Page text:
Ioannis Krontiris and Tassos Dimitriou. "Scatter – Secure Code AuthenTicaTion for Efficient Reprogramming in Wireless Sensor Networks", In the International Journal of Sensor Networks (IJSNet), Special Issue on Technologies, Architectures and Applications for Green Wireless Sensor Networks, 2010.

Currently proposed solutions to secure code dissemination in wireless sensor networks (WSNs) involve the use of expensive public-key digital signatures. In this work we present Scatter, a secure code dissemination scheme that enables sensor nodes to authenticate the program image efficiently. To achieve this, we use a scheme that offers source authentication in the group setting like a public-key signature scheme, but with signature and verification times much closer to those of a MAC. In this way, Scatter avoids the use of Elliptic Key Cryptography and manages to surpass all previous attempts for secure code dissemination in terms of energy consumption, memory and time efficiency. Besides the design and theoretical analysis of the solution, we also report the experimental evaluation of Scatter in two different hardware platforms, Mica2 and MicaZ, which proves its efficiency in practice.

Thanassis Giannetsos, Tassos Dimitriou, Neeli Prassad. "Detecting Wormholes in Wireless Sensor Networks", Poster in 3rd ACM Conference on Wireless Network Security (WiSec), March 2010.

See paper below.

Tassos Dimitriou and Thanassis Giannetsos. "Wormholes no more? Localized Wormhole Detection and Prevention in Wireless Networks", In the 6th IEEE International Conference on Distributed Computing in Sensor Systems (DCOSS '10), June 21-23, 2010, Santa Barbara, California, USA.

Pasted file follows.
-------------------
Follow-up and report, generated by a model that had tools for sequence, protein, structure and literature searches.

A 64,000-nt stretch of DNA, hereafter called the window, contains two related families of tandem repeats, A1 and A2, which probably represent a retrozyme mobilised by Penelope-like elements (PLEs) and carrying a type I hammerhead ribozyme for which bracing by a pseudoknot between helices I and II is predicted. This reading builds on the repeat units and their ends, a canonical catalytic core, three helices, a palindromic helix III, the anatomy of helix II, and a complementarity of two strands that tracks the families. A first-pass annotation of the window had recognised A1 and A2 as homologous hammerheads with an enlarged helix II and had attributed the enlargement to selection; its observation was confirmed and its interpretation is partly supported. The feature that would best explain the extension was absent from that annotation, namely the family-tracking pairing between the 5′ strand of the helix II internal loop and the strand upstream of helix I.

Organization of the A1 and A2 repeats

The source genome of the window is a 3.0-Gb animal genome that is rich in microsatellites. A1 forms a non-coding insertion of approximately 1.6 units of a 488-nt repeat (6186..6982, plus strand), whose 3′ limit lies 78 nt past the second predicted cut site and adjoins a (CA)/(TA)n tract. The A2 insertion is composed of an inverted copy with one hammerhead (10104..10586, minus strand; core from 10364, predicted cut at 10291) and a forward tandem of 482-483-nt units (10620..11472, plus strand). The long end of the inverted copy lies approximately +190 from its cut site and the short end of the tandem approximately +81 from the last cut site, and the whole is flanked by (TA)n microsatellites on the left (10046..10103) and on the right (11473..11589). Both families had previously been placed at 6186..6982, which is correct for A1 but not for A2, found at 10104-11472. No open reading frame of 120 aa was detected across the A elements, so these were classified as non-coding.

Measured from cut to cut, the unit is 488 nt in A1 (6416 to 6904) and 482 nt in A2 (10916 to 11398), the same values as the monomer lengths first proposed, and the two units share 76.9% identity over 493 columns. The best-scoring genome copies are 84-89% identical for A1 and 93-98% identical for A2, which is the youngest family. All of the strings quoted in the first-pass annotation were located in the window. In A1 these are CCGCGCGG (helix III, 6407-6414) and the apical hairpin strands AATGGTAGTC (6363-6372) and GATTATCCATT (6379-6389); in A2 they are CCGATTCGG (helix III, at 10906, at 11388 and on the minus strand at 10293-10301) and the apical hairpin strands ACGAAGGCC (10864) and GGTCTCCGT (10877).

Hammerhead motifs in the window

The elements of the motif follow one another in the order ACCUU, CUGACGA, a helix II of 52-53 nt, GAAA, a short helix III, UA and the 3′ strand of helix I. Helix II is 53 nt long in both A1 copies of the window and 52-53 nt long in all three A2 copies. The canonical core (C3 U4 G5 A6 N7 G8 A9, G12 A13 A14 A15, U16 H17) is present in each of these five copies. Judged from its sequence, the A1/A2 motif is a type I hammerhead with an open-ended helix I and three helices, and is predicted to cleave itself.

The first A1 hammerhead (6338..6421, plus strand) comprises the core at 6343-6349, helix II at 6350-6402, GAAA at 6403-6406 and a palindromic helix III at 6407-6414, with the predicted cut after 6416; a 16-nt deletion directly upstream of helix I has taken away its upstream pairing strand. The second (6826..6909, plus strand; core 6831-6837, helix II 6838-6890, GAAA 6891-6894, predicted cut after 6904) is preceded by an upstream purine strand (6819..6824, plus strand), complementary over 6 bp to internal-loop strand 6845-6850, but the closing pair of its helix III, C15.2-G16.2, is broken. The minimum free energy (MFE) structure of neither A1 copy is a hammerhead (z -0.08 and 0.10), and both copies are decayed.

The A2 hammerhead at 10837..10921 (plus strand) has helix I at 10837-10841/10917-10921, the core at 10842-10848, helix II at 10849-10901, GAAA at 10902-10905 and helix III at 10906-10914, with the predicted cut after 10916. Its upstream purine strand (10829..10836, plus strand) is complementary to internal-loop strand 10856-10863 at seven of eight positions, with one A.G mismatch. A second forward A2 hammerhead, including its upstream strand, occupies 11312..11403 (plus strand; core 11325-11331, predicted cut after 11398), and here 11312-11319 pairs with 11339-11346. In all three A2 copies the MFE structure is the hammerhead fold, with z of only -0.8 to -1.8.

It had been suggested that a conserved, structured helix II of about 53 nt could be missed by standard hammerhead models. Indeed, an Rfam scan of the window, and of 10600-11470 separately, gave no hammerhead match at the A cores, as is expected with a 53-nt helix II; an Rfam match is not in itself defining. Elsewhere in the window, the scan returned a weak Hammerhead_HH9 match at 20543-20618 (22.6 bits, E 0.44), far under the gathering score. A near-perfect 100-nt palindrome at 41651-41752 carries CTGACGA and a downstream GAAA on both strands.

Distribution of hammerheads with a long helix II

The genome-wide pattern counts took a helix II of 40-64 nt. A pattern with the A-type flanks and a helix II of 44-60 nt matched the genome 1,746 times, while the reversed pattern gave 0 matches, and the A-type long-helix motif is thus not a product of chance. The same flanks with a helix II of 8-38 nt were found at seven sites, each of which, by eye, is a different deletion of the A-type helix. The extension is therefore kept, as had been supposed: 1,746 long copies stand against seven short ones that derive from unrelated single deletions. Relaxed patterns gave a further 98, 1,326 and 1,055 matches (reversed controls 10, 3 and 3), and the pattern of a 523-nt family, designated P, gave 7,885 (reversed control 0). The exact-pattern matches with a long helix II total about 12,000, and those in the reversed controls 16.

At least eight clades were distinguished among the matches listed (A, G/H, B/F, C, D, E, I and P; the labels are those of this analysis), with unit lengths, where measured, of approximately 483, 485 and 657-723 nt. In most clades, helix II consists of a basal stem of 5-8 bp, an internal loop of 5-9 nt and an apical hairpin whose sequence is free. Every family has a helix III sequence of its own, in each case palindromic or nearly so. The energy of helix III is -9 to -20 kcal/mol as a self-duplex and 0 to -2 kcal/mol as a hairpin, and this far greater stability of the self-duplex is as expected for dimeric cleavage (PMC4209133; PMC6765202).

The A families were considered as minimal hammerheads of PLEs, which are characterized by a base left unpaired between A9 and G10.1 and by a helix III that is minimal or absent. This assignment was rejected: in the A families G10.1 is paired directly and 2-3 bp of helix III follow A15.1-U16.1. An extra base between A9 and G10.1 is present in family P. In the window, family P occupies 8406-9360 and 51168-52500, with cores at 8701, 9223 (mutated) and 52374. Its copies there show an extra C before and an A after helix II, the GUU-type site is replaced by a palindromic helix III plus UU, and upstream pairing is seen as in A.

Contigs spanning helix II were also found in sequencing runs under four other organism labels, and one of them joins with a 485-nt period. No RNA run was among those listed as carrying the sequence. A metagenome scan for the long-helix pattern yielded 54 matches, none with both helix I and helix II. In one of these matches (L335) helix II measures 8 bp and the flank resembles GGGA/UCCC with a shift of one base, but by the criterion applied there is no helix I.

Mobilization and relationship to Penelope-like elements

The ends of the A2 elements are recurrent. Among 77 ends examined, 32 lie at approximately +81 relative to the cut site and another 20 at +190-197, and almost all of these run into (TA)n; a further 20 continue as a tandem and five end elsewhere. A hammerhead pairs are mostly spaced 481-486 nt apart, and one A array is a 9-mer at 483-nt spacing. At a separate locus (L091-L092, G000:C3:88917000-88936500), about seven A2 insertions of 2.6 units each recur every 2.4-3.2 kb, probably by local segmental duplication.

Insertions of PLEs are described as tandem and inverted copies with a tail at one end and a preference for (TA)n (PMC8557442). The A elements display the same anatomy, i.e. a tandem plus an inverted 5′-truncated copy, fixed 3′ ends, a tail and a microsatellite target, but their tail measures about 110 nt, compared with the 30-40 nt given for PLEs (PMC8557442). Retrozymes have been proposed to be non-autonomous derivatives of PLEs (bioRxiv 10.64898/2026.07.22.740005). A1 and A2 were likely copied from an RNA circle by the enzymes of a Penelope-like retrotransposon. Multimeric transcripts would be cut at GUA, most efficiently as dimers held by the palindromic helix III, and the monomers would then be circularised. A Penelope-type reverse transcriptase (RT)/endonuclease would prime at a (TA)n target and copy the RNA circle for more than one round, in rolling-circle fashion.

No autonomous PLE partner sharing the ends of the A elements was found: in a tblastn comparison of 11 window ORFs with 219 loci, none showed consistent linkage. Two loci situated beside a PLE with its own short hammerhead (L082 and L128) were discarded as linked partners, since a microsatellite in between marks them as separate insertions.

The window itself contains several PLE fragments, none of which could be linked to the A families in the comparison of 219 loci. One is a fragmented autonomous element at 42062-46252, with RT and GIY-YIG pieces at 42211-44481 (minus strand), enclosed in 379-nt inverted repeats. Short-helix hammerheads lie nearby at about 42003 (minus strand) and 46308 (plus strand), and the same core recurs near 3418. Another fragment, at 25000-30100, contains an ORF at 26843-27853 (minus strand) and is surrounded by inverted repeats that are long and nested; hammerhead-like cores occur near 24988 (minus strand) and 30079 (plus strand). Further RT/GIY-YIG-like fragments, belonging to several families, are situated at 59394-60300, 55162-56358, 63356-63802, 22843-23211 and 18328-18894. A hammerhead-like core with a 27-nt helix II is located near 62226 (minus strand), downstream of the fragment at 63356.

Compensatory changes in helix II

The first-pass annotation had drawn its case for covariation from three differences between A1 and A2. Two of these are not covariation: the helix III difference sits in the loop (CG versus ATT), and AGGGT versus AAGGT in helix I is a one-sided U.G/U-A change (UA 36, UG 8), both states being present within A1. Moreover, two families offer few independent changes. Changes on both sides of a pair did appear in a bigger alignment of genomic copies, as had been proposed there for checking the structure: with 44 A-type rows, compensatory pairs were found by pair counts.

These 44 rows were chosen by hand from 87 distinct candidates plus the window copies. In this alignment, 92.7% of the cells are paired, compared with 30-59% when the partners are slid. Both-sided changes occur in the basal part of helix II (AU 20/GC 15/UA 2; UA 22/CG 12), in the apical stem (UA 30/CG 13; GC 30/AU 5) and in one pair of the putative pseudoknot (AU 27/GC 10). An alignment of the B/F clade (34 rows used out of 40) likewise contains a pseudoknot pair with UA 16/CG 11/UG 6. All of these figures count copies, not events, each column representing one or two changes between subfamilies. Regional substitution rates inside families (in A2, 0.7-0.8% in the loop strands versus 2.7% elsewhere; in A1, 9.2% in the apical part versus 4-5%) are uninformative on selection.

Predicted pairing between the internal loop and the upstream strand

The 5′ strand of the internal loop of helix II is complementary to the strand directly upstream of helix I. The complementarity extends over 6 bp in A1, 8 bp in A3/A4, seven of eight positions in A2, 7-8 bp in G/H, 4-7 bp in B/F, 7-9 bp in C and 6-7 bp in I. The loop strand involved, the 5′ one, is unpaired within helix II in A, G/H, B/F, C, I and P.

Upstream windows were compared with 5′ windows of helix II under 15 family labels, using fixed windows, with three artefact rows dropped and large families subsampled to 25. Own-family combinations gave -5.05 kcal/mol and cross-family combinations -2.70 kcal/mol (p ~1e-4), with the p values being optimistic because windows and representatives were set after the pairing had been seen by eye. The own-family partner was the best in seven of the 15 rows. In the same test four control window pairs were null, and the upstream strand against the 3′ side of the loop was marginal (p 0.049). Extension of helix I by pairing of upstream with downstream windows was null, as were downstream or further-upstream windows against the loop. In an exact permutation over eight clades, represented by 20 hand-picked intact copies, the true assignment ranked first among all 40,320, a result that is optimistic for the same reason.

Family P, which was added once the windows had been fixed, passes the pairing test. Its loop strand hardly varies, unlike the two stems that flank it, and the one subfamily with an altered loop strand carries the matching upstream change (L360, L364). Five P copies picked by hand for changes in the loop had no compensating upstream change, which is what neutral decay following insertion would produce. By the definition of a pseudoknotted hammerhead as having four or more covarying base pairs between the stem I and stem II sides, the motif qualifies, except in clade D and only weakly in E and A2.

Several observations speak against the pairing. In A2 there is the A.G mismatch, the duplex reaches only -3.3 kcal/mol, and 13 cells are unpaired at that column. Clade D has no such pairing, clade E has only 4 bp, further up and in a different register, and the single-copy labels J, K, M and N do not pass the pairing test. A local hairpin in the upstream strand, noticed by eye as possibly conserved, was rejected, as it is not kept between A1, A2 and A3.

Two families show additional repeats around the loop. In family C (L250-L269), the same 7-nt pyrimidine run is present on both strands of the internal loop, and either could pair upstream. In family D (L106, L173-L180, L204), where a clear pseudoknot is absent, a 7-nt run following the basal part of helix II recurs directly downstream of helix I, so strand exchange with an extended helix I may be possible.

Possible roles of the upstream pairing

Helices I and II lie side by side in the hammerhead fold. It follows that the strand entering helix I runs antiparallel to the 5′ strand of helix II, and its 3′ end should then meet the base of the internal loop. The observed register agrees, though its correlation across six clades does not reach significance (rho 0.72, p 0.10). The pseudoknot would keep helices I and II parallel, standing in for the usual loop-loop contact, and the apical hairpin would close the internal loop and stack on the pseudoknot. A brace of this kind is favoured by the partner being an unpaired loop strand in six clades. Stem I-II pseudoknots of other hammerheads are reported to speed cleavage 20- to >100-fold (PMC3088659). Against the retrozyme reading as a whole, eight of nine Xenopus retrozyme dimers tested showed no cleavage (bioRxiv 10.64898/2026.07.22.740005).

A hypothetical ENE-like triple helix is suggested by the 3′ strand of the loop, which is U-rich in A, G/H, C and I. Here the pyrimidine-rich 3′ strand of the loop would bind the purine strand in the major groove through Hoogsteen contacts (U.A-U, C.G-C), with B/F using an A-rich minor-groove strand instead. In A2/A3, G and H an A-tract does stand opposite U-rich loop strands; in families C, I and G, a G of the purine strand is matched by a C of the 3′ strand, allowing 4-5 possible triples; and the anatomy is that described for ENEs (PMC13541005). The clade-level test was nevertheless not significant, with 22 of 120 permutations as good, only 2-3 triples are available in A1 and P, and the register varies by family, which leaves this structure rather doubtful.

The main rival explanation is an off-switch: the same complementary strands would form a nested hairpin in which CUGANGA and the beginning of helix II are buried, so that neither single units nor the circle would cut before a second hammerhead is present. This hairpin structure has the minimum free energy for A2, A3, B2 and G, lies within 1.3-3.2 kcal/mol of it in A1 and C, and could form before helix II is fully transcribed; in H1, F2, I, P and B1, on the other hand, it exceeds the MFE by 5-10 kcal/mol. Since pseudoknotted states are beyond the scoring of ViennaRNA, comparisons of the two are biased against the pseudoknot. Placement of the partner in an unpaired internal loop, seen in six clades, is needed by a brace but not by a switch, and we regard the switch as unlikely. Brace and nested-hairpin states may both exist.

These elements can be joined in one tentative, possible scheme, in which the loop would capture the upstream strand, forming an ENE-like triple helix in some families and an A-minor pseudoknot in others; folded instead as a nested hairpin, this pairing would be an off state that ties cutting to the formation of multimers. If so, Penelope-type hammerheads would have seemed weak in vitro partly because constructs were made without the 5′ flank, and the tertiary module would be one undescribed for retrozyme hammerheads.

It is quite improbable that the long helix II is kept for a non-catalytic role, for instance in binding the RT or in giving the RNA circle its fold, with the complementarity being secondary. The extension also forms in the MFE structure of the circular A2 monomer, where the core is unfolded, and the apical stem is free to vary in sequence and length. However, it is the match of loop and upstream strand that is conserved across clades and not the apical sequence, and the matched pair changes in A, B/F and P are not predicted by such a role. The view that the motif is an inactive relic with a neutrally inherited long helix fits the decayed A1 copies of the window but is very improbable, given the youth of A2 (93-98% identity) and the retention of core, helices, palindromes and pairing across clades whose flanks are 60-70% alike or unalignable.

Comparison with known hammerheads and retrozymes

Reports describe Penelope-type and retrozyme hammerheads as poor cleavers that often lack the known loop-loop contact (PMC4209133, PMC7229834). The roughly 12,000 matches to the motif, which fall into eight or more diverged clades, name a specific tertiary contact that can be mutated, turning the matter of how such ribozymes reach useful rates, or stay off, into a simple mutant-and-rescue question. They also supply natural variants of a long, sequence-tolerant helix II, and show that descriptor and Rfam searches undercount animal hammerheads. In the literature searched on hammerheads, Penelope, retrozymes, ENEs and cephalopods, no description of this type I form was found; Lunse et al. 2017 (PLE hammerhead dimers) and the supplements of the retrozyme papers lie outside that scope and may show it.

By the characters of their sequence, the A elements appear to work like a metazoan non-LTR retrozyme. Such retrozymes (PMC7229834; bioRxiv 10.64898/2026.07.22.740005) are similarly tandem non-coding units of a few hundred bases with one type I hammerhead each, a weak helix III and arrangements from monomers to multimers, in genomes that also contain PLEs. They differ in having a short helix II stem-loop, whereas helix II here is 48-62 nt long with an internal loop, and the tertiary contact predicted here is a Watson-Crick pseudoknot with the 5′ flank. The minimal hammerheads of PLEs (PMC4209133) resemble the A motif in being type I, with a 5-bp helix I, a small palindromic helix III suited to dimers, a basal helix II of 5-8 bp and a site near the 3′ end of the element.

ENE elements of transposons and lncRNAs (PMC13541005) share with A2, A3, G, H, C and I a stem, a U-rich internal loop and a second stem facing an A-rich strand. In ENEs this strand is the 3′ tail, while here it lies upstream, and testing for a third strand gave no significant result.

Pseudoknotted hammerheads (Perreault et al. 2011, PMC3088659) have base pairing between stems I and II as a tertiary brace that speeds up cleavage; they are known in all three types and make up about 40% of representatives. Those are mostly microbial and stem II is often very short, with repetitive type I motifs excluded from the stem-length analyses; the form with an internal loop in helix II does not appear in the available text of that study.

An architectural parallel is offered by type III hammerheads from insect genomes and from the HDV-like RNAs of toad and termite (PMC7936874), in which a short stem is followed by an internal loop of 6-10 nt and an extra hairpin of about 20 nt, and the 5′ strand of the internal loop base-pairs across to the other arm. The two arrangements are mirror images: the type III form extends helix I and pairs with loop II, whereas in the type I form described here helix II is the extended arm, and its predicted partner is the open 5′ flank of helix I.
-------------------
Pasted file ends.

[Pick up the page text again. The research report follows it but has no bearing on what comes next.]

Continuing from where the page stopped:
A number of protocols have been proposed to date to defend against wormhole attacks in wireless networks by adopting synchronized clocks, positioning devices, or directional antennas. In this work, we introduce a novel approach for detecting wormhole attacks. The proposed algorithm is completely localized and works by looking for simple evidence that no attack is taking place, using only connectivity information as implied by the underlying communication graph, and total absence of coordination. Unlike many existing techniques, it does not use any specialized hardware, making it extremely useful for real-world scenarios. Most importantly, however, the algorithm can always prevent wormholes, irrespective of the density of the network, while its efficiency is not affected even by frequent connectivity changes. We also provide an analytical evaluation of the algorithm's correctness along with an implementation on real sensor devices that demonstrates its efficiency in terms of memory requirements and processing overhead.